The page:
Pavlowitch is correct: Rapotec's 1942 reports were "lucid and unprejudiced". However, his statements that the reports "may not have been to the liking of those to whom he reported" and that they were probably not passed to London "but kept in Cairo by Yugoslavs and British there", need clarification.
Rapotec was briefed and debriefed separately by the British Special Operations Executive, by the Yugoslav military and by Jovan Djonovic, Yugoslav Government Delegate for the Middle East. Serb, Croat and Slovene ministers of the Yugoslav government in London received Rapotec's information with varying degrees of enthusiasm: Rapotec reported positively about General Mihailovic's activities and those of nationalists in Slovenia and confirmed the horrors of the Croat Ustasa regime.
SOE documents released earlier this year ("How a Soviet mole united Tito and Churchill", Independent, 28 June) have confirmed that SOE (Cairo) was Communist- dominated. Information favourable to the nationalists was not passed to London.
Pavlowitch writes that Rapotec met Archbishop Stepinac several times during his mission. I had long discussions with Rapotec about these meetings. Stepinac told him that he could achieve more, including saving lives of individual Serbs, by not condemning publicly the Ustasa regime. Rapotec fully believed in the Archbishop's integrity. However, Stepinac's wartime activities remain controversial, as indeed do those of Pius XII. One must await the release of Vatican documents before making a final judgement.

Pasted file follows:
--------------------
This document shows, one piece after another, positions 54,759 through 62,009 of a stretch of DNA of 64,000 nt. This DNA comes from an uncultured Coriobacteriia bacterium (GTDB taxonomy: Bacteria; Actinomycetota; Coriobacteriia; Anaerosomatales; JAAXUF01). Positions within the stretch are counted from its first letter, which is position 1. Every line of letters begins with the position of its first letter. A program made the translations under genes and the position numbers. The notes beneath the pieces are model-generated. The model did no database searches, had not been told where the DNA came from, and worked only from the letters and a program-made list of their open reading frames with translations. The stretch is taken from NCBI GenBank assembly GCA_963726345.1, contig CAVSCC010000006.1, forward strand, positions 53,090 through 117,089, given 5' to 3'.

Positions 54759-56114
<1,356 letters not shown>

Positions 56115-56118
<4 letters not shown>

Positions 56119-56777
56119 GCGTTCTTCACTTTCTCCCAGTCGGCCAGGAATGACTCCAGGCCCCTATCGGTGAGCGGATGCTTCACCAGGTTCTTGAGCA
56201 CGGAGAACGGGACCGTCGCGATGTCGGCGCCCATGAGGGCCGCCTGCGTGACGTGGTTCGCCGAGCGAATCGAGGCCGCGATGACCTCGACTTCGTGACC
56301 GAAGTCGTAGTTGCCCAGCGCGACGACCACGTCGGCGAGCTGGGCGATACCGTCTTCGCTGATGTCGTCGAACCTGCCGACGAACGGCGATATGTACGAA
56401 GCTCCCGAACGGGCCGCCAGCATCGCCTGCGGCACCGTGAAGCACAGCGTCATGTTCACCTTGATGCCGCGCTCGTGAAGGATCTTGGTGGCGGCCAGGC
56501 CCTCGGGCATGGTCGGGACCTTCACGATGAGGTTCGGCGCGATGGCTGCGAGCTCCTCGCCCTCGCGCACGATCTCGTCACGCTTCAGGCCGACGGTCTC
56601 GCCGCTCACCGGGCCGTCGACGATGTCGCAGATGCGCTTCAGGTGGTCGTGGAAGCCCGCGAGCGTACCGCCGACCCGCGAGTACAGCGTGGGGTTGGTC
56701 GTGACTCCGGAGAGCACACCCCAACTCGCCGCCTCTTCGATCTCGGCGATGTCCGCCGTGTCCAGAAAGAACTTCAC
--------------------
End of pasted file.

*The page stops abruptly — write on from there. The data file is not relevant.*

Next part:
Rapotec was a flamboyant personality in peace and in war. In 1944, Churchill persuaded King Peter that the only way to safeguard his position was to co-operate with Tito. The young king broadcast on the BBC an appeal to all Yugoslavs to unite under Tito. This caused great confusion. Colonel F. Stropnik, the CO of the Yugoslav battalion, a Slovene like Rapotec, decided to respond to the King's appeal. Officers who were against co- operation with Communists left. However, Rapotec with his sergeant returned in the night and "stole" the Royal Standard, which had been presented to the battalion personally by the King. This was a great embarrassment to Colonel Stropnik, who was still claiming his allegiance to the King.
Soon afterwards it became clear that no accommodation was possible with Tito. One Slovene, Stropnik, put the red star on his cap, and returned to Yugoslavia, where he was promptly dismissed from the army. The other Slovene, Rapotec, became an Australian.Reuse content